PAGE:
Reviews of Okonjima Bush Camp
Wildlife sightings and reviews
220 independent comments and wildlife information from our travellers who have visited Okonjima Bush Camp and kindly agreed to share their thoughts. They do not necessarily represent the views of Expert Africa
"Okonjima Bush Camp is amazing!"
Our guide Daniel was excellent. He and the trackers did a great job finding a big male leopard called Nkozi, 2 pairs of cheetah and a pair of African Wild dog for us to track and watch.
On our evening visit to the hide we saw a family of porcupine, a honey badger and a brown hyena!
It was a bit unclear what activities were included and which were extras. We opted for a night drive on our last evening which we thought was included, but found out later was extra. Not a big problem but the paperwork we had in advance wasn't clear about this.
The stars here are amazing too.
The camp is in huge fenced area where you can walk on your own without the risk of meeting a predator. We were therefore able to walk the Dik Dik trail on our own to watch birds It was good to be out of the vehicle and stretch the legs! On our walk we saw black wildebeest." See all these reviews: 14n in Namibia
"Okonjima Bush Camp review"
We did the Leopard trek in the evening and the early morning Cheetah trek with our guide Jonas who was brilliant. Both activities were great and were very lucky to see two wild dogs and a cheetah involved in a kudu kill on the morning walking trail. We were allowed to stay for as long as we wanted and not rushed back - they just worked around us, having breakfast laid on later and also letting us check out late - all staff seemed to work in sync.
Overall great place which is made special with the exceptional staff and service." See all these reviews: 6n in Namibia
"Another wonderful place!"
The boys' highlight were the wild dogs. We enjoyed being able to walk near the cheetahs.
Our guide was Daniel who was gorgeous. We also liked Jason and Angel
Our rooms were stunning and to have a day room was unexpected and very special." See all these reviews: 13n in Namibia
Saw Shanti twice, a leopard my wife had sponsored 2 years ago, as well as seeing a rare pangolin. A great way to start our Namibia trip." See all these reviews: 10n in Namibia; 2n in Botswana; 2n in Zambia
"Okonjima Bush Camp review"
Our guide (Rohan) was exceptionally good but we found the manager (Angel) a bit condescending. Our initial greeting from another member of staff was not very professional as he seemed confused as to why there were only three of us. He stumbled over the names and made us all feel a bit uncomfortable.
The drives were fantastic. Rohan made them an experience we will never forget, especially our walks - tracking Cheetah, Wild Dogs and Spotted Hyena. The food was excellent." See all these reviews: 18n in Namibia
"Great Guiding from Rohan"
Our greeting on arrival didn't meet expectations, we had to wait for someone to check us in and they still had my husband's name on the room list, something that the staff in every other Lodge had been extremely careful about." See all these reviews: 18n in Namibia
"Okonjima Bush Camp Review"
We have to also complain about one of the 'managers' - Rodney. He was totally incapable of a). sorting out our rooms, b).giving any information and c). any administration. To cap it all, he tried to charge us for standard alcoholic drinks, which we knew to be included. After arguments from all members of our group, he backed down and cancelled the charges. Not a good advertisement!" See all these reviews: 11n in Namibia; 3n in Botswana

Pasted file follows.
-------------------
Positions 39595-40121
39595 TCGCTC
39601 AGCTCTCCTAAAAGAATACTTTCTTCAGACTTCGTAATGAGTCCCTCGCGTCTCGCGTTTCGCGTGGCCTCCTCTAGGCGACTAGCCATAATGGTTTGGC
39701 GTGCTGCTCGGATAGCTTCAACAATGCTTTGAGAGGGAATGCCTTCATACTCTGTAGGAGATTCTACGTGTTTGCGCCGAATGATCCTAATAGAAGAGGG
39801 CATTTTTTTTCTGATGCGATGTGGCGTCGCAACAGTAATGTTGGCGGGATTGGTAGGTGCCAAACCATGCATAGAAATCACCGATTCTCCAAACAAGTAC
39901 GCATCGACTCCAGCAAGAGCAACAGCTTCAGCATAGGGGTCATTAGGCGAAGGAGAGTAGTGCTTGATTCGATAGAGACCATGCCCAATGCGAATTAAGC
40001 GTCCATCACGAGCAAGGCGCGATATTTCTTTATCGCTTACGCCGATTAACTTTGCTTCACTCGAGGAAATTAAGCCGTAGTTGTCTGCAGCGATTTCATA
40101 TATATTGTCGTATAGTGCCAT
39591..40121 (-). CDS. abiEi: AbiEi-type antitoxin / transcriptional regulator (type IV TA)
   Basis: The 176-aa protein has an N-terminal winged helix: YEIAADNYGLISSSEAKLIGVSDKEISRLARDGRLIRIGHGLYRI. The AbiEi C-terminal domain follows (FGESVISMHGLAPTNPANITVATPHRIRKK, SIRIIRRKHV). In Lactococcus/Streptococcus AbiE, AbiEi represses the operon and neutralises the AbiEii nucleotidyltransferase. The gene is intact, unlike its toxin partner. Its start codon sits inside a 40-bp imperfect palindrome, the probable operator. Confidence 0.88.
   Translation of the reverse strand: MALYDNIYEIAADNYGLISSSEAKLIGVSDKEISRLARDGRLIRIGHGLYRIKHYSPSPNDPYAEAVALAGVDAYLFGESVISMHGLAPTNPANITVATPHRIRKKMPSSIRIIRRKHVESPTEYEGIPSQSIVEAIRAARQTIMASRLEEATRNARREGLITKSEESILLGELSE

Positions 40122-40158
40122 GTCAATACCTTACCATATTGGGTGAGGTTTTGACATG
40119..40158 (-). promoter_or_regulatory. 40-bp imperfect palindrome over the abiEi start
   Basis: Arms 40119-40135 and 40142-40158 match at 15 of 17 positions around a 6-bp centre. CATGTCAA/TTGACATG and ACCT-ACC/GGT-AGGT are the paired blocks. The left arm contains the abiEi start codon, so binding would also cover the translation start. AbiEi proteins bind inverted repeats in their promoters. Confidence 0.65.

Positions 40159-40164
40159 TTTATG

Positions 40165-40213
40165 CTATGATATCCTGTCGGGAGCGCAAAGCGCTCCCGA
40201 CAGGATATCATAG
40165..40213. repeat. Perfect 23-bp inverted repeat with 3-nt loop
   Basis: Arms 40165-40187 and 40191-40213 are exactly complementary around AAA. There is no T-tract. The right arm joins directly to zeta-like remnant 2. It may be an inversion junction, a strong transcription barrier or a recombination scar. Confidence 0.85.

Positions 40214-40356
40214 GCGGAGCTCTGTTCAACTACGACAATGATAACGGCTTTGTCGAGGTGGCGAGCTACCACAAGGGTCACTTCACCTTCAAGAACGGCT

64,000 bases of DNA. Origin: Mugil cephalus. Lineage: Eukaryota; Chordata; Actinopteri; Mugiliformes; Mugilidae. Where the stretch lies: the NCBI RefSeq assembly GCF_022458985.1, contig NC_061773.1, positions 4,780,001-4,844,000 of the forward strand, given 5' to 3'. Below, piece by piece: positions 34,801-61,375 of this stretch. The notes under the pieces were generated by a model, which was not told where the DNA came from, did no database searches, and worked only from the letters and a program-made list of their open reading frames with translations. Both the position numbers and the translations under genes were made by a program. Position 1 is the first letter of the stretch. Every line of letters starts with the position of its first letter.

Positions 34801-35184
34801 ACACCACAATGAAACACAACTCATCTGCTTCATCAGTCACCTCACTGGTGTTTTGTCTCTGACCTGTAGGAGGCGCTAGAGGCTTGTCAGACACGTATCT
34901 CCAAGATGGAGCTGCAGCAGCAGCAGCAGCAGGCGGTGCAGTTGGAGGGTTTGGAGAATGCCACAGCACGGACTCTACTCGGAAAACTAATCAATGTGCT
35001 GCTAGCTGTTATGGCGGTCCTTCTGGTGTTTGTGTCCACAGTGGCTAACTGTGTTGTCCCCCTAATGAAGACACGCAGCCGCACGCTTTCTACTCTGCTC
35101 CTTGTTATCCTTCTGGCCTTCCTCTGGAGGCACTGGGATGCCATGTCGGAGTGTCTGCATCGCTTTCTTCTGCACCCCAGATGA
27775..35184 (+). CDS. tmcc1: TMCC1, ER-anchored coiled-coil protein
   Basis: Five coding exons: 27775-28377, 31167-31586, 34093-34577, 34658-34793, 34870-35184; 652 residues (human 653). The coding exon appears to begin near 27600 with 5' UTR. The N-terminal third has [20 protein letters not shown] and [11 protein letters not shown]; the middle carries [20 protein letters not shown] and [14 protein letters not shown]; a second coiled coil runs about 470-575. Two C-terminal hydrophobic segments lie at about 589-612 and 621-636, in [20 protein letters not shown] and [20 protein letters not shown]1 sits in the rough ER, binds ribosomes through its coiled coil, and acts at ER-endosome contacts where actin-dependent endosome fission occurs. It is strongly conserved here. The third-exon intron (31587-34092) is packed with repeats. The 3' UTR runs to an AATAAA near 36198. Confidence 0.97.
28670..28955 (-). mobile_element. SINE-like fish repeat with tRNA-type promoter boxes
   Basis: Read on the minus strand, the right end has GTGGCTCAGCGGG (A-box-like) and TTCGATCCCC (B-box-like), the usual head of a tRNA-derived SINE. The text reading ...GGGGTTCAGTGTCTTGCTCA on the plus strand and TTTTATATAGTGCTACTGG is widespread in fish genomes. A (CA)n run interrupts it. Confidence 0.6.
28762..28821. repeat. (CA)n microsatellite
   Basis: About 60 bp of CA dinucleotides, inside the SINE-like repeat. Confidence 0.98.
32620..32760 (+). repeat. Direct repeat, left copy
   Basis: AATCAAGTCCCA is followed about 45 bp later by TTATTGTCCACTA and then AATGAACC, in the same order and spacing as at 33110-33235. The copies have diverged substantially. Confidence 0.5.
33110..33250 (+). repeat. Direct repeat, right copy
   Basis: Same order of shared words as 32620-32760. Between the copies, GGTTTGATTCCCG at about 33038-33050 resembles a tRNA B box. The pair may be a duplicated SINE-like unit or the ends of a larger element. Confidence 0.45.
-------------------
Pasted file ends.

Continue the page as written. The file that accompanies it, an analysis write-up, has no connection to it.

"Glad we went but wouldn't go again."
First, the camp: The Bush Camp accommodations are amazing. The villas are large, well appointed, and quite luxurious. Each villa has a sala attached and from there you can lounge, enjoy the view, and feed the birds. Heavenly! So, no complaints whatsoever about the accommodations. But, when it came to food and service, there was a disconnect. Where the accommodations are five star, the food and service struggled to get past 2 stars.
This was another place that struggled with my food allergy but beyond that, the food was simply not good. Also, no meal options were provided. Like it or not, that was what was for lunch or dinner. Take it or leave it. Afternoon tea was offered but so little was put out that if you didn't arrive early, you might well go hungry. Unless, of course, you had a food allergy and an assertive personality and were willing to find a manager and specifically ask for something to eat. Kudos there to Angel, who seemed to be the afternoon manager. He was professional, accommodating, and seemed to have an understanding of service standards in the hospitality industry. The person who appeared to be the morning manager, however, (I think his name was Ronald) was withdrawn, surly, and prone to mistakes. Overall, the staffing levels were low, which made it hard for any of the staff members to do a good job. Also, the staff members' skill and training levels seemed to vary greatly with some staff members being very personable and competent while others struggled.
Now for the wildlife experience: We went to Okonjima specifically to see cheetahs and leopards and, in that regard, we were not disappointed, even though all our sightings - with the exception of one leopard cub - were of collared animals. What I wasn't really prepared for was how much our game drives felt like excursions into a big, fenced zoo. We have an attraction in the Toronto area called African Lion Safari, where guests can drive through a large park in their own cars and see the animals. As our Okonjima guide swung his tracking device around, and as we pulled up next to collared cheetahs and leopards (as well as a sleeping hyena and two wild dogs) that seemed completely oblivious to our presence, I kept thinking this was not a typical wildlife safari and these were not typical wild animals.
I felt even more uneasy when I learned from our guide that a fairly large number of cheetahs (I don't remember the exact number) have been killed by the resident leopards because the area is so heavily covered by brush and conditions are far better for leopards to hunt than for cheetahs. Apparently there are only 6 collared cheetahs left in the park while something like 14 have been kept in holding cages for some time now (at least 2 years) waiting for more brush to be cleared so they can be released. Another group of cheetahs are in the holding areas but will never be released for various reasons such as not being able to hunt for themselves. I understand there are also three or four leopards and three lions in holding areas and none of these animals will ever be released.